Sullivan said that Sheffield’s political connections are irrelevant.
A citizen activist and retired longshoreman, Jack Veit, also says Sheffield needs to go. Veit flew to Juneau to brief legislators about the expansion problems and also created a website, www.publicadvocateak.com, to call attention to the issue.
Sheffield said port officials didn’t know the extent of the damaged installation from 2009 until more than a year later. He said he knows he’s the face of the project and is taking heat for the problems, but doesn’t see what he could have done differently.
“Right now we’re doing everything we can to dig ourselves out of this hole so when we go forward in earnest,” he said. Now that the problems are known, the construction methods are being changed to prevent steel sheets from hitting hard ground or rock and bending, he said.
He said he hopes to stay on as port director.
“I’m not proud of what happened in 2009, but I’m proud we’ve found the problem,” he said.
How did it get this bad?
So far, no city tax dollars have gone into the project. Much of the $279 million collected so far has come from congressional earmarks. The state has been putting in $10 million to $20 million a year.
The two options for continuing the expansion were presented at a May 6 briefing for an Anchorage Assembly committee by Sheffield, port engineer Todd Cowles and municipal manager George Vakalis.
They didn’t like what they heard.
“I’m trying to figure out how it got this bad,” Assembly member Dick Traini said.
Assembly member Patrick Flynn, who has chaired the special Assembly committee on the port for the past year, was flabbergasted that the limited option didn’t include new berths for the cargo ships.
Assembly Chairwoman Debbie Ossiander said the city can’t afford the full expansion, which would cost another $922 million above the $265 million already spent.
State legislators say they have concerns, too, though recent changes to add more city oversight are on target.
“Certainly, time delays and cost escalations have brought into question the present port project viability,” Anna Fairclough, an Eagle River Republican and vice chair of the House Finance Committee, said in an e-mail.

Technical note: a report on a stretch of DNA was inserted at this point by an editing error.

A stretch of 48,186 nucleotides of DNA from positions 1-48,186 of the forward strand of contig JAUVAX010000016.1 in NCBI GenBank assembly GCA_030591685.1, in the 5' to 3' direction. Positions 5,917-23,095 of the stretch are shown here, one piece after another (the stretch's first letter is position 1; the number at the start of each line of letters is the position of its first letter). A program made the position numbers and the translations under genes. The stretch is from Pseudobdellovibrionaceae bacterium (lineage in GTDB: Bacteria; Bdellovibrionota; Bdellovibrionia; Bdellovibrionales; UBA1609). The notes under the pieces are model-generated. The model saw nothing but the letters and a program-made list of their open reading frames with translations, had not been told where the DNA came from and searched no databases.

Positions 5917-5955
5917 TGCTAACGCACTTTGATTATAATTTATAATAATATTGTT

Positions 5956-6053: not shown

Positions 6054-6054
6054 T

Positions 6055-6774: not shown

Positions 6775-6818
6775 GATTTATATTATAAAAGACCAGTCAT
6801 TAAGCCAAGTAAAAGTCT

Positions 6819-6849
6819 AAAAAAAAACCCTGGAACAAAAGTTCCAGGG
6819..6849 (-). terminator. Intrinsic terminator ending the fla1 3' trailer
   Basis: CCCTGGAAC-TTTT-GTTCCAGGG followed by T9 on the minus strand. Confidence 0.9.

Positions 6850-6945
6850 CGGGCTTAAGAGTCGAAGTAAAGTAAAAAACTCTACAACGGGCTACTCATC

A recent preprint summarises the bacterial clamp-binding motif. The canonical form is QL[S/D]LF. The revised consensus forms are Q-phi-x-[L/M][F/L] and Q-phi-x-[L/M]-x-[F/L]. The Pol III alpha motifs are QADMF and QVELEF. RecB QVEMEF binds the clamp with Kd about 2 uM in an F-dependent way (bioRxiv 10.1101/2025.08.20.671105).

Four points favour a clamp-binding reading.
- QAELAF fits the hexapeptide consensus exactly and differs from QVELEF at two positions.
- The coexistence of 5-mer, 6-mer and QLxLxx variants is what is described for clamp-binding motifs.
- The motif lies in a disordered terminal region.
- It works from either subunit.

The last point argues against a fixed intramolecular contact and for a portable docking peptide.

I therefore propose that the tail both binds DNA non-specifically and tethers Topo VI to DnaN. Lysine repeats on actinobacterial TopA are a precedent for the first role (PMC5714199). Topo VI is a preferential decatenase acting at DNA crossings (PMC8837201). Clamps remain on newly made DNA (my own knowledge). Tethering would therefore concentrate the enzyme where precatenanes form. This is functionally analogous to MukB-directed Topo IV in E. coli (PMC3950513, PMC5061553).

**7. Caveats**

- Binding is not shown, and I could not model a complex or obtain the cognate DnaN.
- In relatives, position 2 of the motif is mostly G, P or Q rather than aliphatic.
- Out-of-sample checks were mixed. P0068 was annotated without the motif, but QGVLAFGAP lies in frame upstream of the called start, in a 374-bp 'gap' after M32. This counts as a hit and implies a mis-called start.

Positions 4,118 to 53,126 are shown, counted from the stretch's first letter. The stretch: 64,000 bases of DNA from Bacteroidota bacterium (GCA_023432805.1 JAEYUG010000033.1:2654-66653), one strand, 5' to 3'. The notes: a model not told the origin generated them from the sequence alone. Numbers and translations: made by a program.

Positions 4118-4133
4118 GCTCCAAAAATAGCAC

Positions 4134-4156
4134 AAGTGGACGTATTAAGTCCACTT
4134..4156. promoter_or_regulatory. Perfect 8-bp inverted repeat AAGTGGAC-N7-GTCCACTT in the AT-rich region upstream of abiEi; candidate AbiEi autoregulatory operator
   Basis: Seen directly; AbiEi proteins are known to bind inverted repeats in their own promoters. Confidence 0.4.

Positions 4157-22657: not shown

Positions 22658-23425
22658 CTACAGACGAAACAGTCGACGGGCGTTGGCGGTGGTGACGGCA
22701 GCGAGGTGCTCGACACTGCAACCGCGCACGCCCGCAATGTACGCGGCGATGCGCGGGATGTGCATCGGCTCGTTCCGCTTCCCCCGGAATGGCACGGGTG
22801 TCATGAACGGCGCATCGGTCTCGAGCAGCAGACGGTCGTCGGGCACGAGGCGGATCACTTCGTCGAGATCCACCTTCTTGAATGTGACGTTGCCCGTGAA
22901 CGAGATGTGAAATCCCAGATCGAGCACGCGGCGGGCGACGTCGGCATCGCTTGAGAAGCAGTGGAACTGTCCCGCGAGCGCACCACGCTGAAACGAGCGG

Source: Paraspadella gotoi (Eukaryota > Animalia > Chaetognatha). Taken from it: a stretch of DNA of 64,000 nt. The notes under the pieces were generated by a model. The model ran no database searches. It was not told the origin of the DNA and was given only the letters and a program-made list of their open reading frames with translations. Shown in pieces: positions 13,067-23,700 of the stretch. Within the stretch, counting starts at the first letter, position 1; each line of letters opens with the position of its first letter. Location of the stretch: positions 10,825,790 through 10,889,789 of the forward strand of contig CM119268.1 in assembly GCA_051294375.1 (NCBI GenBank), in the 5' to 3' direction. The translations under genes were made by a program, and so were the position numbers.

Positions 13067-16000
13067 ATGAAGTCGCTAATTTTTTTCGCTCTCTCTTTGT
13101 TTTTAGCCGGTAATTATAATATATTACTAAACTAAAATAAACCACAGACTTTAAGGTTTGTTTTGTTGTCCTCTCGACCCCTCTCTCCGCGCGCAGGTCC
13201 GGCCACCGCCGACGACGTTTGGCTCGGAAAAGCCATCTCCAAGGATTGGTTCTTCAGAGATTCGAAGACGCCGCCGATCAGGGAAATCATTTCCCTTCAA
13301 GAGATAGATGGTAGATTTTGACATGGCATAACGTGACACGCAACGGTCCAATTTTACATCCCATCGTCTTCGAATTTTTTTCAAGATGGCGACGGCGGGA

Tuck said if the state is picking up the bill, the state should take charge of the project.
A budget proposal in the state House would provide $37.5 million for the expansion and require quarterly progress reports.
On Friday, Gara, the Anchorage House member, proposed cutting the port budget item to $20 million, the amount proposed by Parnell. But his amendment to the capital budget failed in a party-line vote on the House floor Friday evening. Republicans voted to keep the higher amount.
Sheffield also has proposed that the city receive $300 million from a state bond package to complete one phase of the expansion.
Lack of oversight
The 2003 port project agreement pushed during the last days of the Wuerch administration specified that the Maritime Administration would oversee the contractors and the city would secure the funds.
At the time, Assembly members asked to approve the agreement raised concerns. Sheffield assured them that the federal agency was acting as an agent of the city, and the port would remain in city control.
That didn’t happen. Now the city is working to strengthen its role.
Sullivan said he found the 2003 arrangement shocking. The city wasn’t even protected by liability insurance or a contractor performance bond. It is now, city officials said. The city also is working to craft a new agreement with the federal agency.
In addition, two new oversight committees meet weekly. One includes Sheffield, Vakalis and a Maritime Administration official. A separate, technical committee includes representatives from the port, the federal agency and Integrated Concepts and Research Corp., the general contractor and construction manager.
Eventually, Sheffield and Sullivan said, the city must replace the entire dock.
“This is the top of our radar,” Sullivan said. “There’s nothing more important to this administration than getting this port project back on track, making sure we can complete it, so that it can serve the needs of not only this community but all of Alaska for literally generations to come.”